First study to show how immune cells 'speak' to each other in vivo
Findings confirm the existence of immunological synapses, microanatomical structures similar to those of nerve cells, in vivo
Researchers at the Board of Governors' Gene Therapeutics Research Institute at Cedars-Sinai Medical Center have confirmed the existence of anatomical structures that channel information exchanges between a T cell and its target, an antigen-presenting brain cell, in laboratory rats. This immunologic synapse, or junction where signals are shuttled between two immune cells, has previously only been observed in cell cultures, in part because of the limitations of imaging and the rapid, touch-and-go nature of the communication itself.
According to the researchers, this work should settle the controversy over the existence and functional significance of mature immunological synapses in vivo during antiviral immune responses. The findings will allow further experimental exploration of immunological synaptic function during normal and pathological immune responses in vivo.
The full study can be accessed at www.jem.org.
The mechanism of how immunological synapses "speak" to each other in vivo has not been observed prior to this research. Although formal proof of this awaits the development of drugs or mutations that interfere selectively with synapse formation, the confirmation of these cellular structures increases the understanding of the immune system and paves the way for further research on the body's immune response system. New knowledge in this area may ultimately improve treatment for immune disorders such as MS, cancer, and AIDS.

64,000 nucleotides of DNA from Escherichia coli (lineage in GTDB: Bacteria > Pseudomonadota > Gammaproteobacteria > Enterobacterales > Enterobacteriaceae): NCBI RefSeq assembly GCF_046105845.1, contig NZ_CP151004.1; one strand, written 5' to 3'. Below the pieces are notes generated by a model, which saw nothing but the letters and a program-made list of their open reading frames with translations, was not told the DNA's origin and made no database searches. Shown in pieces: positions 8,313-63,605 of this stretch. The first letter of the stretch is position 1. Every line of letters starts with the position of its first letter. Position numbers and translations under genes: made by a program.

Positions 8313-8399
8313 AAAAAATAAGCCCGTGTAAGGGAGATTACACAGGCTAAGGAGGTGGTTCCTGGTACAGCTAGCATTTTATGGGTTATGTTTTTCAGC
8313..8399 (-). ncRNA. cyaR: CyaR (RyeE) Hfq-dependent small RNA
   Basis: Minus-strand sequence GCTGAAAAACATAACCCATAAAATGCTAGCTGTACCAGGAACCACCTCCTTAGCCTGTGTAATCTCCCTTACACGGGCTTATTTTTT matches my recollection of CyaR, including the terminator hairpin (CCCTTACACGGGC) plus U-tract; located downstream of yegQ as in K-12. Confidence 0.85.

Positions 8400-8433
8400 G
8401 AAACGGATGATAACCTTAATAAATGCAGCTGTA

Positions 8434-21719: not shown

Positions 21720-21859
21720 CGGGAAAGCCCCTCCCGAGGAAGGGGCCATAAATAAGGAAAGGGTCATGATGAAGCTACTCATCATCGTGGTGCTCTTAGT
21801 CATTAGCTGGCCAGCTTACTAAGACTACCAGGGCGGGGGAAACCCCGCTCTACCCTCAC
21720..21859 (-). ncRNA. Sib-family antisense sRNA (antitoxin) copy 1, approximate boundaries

Pedro Lowenstein, M.D., Ph.D., co-director, Board of Governors' Gene Therapy Research Institute, Cedars-Sinai Medical Center and principal investigator of this study, is available for interviews.
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The Board of Governors' Gene Therapeutic Research Institute at Cedars-Sinai Medical Center is a world-renowned translational research program. Established in 2000, the Institute is engaged in state-of-the-art technologies to develop genetic and stem cell-based therapies for the treatment of life-threatening disorders such as cancers, chronic neurodegenerative diseases and autoimmune disorders. It includes more than 30 scientists and physicians devoted to bringing these new therapeutic approaches to the clinical arena. Additional information is available at www.cedars-sinai.edu/gtri.
Last reviewed: By John M. Grohol, Psy.D. on 21 Feb 2009
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